Lest we miss Mao's point, Zhou expanded on it in his more elegant manner. Whatever support China gave Vietnam had a historical, not an ideological or strategic, origin. ""The debt we owe them was incurred by our ancestors. We have since liberation no responsibility because we overthrew the old system. Still, we feel a deep and encompassing sympathy for them.'' Sympathy, of course, was not the same as political or military support; it was a delicate way to assure us that China would not get involved.

In November 1973, Mao invited me to a nearly three-hour tour d'horizon of the international situation. Combining queries with allusions and alternating bonhomie with mocking challenge, Mao sketched his conception of global containment of the Soviet Union in broad strokes. He identified the countries that could contribute to this task and analyzed what was needed to strengthen them as if no constraints on the application of the national interest could ever arise. David Bruce, then head of our liaison office in Beijing, who had known de Gaulle, Churchill and Adenauer, described Mao's presentation as the most extraordinary tour de force in his experience.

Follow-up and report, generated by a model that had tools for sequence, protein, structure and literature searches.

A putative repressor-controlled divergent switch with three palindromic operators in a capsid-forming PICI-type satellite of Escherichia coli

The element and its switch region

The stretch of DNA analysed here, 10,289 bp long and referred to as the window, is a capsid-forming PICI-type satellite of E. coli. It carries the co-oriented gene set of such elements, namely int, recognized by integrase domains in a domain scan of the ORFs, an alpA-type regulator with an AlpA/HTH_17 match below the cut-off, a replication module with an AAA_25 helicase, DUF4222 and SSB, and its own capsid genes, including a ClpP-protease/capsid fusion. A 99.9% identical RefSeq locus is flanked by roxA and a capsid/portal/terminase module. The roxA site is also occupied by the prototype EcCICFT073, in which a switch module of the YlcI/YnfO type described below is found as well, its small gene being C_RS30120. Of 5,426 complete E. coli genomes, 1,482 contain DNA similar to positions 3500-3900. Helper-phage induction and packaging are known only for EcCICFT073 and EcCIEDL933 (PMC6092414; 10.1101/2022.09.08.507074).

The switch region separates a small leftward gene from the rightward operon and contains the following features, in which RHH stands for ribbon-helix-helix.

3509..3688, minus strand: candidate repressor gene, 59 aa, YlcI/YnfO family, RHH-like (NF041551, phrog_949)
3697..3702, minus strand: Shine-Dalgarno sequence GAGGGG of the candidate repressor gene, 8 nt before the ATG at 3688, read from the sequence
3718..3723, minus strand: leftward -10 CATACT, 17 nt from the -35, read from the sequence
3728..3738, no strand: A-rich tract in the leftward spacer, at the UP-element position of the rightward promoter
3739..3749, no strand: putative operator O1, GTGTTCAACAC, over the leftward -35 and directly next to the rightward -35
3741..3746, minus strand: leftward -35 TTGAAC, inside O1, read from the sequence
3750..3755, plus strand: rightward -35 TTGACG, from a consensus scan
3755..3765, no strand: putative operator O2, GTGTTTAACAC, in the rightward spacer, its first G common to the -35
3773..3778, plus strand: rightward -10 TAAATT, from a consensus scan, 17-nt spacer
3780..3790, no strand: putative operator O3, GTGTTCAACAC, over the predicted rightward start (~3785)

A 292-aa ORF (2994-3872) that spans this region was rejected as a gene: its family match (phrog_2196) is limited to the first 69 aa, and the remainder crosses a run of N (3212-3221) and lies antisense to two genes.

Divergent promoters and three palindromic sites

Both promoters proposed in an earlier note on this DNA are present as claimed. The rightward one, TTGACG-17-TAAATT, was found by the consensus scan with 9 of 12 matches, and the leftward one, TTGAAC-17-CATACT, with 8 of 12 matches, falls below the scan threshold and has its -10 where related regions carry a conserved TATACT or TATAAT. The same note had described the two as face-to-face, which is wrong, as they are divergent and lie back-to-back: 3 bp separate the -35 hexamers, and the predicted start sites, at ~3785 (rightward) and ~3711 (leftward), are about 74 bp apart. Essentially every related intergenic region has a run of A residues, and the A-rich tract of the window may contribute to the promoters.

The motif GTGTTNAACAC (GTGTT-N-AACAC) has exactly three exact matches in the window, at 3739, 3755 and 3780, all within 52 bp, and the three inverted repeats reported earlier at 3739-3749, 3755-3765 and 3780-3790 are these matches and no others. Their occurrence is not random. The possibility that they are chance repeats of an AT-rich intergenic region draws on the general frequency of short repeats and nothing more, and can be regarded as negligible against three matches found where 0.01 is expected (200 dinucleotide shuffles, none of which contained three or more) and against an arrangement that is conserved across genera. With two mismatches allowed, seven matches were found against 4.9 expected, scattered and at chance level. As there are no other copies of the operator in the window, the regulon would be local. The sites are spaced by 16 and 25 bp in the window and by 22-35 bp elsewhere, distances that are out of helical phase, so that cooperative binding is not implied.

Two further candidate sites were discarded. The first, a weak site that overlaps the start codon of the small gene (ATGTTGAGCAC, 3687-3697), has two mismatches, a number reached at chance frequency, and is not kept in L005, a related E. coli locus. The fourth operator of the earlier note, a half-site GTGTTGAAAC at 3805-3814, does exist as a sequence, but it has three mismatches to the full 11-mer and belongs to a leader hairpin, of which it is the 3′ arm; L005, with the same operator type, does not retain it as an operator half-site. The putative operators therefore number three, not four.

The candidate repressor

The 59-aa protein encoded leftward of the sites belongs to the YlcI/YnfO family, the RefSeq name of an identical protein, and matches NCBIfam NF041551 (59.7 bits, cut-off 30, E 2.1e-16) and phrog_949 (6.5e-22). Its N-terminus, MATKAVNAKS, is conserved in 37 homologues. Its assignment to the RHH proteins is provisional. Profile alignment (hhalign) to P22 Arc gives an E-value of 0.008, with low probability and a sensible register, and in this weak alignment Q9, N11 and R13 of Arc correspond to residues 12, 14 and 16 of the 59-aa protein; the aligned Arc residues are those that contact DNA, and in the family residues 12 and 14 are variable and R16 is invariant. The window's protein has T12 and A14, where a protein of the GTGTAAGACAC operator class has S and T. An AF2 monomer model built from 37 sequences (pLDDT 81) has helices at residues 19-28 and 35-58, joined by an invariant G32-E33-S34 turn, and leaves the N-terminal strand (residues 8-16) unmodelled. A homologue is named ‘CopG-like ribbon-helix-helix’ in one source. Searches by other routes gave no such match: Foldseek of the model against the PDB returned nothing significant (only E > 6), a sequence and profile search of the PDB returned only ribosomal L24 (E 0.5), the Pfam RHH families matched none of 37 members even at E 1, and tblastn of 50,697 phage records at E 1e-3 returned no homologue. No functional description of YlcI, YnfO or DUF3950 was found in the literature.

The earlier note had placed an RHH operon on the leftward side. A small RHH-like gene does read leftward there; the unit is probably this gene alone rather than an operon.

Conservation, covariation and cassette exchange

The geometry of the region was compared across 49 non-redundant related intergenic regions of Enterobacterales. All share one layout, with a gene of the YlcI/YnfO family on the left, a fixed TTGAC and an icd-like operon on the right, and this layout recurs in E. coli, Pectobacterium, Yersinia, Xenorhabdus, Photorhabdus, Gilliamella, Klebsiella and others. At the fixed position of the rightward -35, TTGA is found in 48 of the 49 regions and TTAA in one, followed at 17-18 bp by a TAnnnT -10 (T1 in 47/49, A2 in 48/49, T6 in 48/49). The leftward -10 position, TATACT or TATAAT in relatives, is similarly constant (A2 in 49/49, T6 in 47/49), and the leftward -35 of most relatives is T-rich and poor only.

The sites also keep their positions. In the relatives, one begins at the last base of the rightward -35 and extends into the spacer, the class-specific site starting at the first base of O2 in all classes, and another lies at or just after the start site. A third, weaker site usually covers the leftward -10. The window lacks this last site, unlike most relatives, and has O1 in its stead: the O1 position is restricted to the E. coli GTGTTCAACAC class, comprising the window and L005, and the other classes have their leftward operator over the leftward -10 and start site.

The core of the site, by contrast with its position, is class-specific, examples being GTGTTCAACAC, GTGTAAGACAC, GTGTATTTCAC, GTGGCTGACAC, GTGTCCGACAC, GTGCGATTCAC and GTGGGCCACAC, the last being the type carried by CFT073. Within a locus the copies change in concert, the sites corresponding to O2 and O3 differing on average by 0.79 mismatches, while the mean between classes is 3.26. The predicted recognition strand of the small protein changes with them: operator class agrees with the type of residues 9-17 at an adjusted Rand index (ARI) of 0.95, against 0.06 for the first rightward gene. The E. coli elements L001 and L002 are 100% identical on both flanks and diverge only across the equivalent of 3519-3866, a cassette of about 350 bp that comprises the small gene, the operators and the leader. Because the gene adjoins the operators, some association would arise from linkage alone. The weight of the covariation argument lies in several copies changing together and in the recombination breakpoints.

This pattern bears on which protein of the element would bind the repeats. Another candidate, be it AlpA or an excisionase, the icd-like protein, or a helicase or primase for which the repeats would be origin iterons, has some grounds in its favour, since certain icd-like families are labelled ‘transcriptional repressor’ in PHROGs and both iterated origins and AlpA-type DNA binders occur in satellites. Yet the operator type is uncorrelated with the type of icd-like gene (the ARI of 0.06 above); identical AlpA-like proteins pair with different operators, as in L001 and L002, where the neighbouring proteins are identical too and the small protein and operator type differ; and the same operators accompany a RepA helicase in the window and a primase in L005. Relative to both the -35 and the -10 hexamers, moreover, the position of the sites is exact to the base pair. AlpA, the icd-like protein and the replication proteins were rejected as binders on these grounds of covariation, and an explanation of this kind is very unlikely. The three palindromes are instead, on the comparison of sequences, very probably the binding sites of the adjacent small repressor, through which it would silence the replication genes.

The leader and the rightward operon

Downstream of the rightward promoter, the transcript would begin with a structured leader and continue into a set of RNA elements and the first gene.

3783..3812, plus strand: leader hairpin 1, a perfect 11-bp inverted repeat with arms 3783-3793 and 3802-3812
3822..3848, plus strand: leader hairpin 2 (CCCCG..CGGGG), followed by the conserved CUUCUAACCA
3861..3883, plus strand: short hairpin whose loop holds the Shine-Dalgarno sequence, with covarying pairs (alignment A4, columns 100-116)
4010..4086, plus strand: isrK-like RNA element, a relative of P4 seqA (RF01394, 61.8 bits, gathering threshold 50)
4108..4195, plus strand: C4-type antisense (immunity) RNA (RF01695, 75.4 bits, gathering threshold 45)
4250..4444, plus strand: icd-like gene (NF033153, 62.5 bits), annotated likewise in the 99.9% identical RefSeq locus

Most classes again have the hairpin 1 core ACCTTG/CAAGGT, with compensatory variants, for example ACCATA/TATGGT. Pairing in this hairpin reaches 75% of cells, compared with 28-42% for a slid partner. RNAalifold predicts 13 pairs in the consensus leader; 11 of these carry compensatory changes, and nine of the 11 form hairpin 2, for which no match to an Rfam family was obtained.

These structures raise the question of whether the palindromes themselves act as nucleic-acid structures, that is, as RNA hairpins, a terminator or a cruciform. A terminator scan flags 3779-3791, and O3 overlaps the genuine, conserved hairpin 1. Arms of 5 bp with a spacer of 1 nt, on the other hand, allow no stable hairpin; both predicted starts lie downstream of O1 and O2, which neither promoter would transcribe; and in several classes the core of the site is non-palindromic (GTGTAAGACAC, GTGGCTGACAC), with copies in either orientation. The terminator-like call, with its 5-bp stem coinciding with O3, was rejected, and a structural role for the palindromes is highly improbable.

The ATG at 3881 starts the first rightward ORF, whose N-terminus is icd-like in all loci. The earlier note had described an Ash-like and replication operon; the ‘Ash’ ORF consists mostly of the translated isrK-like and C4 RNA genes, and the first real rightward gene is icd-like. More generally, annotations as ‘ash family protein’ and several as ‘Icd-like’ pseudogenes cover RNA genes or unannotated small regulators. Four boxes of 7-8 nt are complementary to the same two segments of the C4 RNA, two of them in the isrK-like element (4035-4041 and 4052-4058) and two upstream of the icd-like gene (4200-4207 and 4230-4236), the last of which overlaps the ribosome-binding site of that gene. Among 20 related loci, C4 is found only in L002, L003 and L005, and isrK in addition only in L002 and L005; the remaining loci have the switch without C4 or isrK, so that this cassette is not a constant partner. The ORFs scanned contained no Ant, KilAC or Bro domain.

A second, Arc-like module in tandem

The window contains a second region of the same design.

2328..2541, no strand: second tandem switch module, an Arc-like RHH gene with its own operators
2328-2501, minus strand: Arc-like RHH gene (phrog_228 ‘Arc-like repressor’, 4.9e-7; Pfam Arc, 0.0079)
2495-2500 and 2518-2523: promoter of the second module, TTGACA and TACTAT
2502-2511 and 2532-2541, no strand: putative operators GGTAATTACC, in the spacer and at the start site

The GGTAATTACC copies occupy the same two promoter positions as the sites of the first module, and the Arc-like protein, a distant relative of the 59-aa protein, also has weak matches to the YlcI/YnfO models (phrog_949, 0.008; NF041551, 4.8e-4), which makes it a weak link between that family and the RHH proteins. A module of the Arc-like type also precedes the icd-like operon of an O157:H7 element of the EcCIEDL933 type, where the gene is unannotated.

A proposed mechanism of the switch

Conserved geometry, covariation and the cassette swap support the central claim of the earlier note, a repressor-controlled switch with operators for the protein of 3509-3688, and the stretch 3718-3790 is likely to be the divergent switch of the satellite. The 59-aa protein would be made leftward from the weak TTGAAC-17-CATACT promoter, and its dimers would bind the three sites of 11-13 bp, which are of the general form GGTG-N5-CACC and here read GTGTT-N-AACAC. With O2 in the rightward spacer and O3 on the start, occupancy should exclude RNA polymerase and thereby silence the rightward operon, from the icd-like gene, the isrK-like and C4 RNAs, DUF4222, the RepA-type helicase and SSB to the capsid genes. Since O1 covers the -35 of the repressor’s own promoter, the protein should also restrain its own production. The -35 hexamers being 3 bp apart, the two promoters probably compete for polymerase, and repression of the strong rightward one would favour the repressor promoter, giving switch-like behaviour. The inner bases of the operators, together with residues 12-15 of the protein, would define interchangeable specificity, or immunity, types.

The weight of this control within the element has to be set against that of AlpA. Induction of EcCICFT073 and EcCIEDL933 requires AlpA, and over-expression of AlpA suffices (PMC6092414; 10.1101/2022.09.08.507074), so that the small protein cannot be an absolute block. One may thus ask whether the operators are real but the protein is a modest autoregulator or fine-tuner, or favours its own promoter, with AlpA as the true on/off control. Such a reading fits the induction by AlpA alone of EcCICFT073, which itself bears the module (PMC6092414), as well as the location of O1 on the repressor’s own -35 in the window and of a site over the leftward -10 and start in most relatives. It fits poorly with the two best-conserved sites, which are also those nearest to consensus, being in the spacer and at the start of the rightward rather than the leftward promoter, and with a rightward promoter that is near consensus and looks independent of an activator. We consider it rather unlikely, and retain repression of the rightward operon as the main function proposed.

In Mao's view--subsequently largely borne out by events--the Soviet Union was not a real, only a mock, superpower. It had ""stretched its hands too far,'' and its industrial capacity would not be able to sustain its global ambitions. Hence Moscow was sure to lose the geopolitical struggle, provided only that the countries around the Soviet periphery cooperated in thwarting Moscow's designs and did not let themselves be defeated one by one.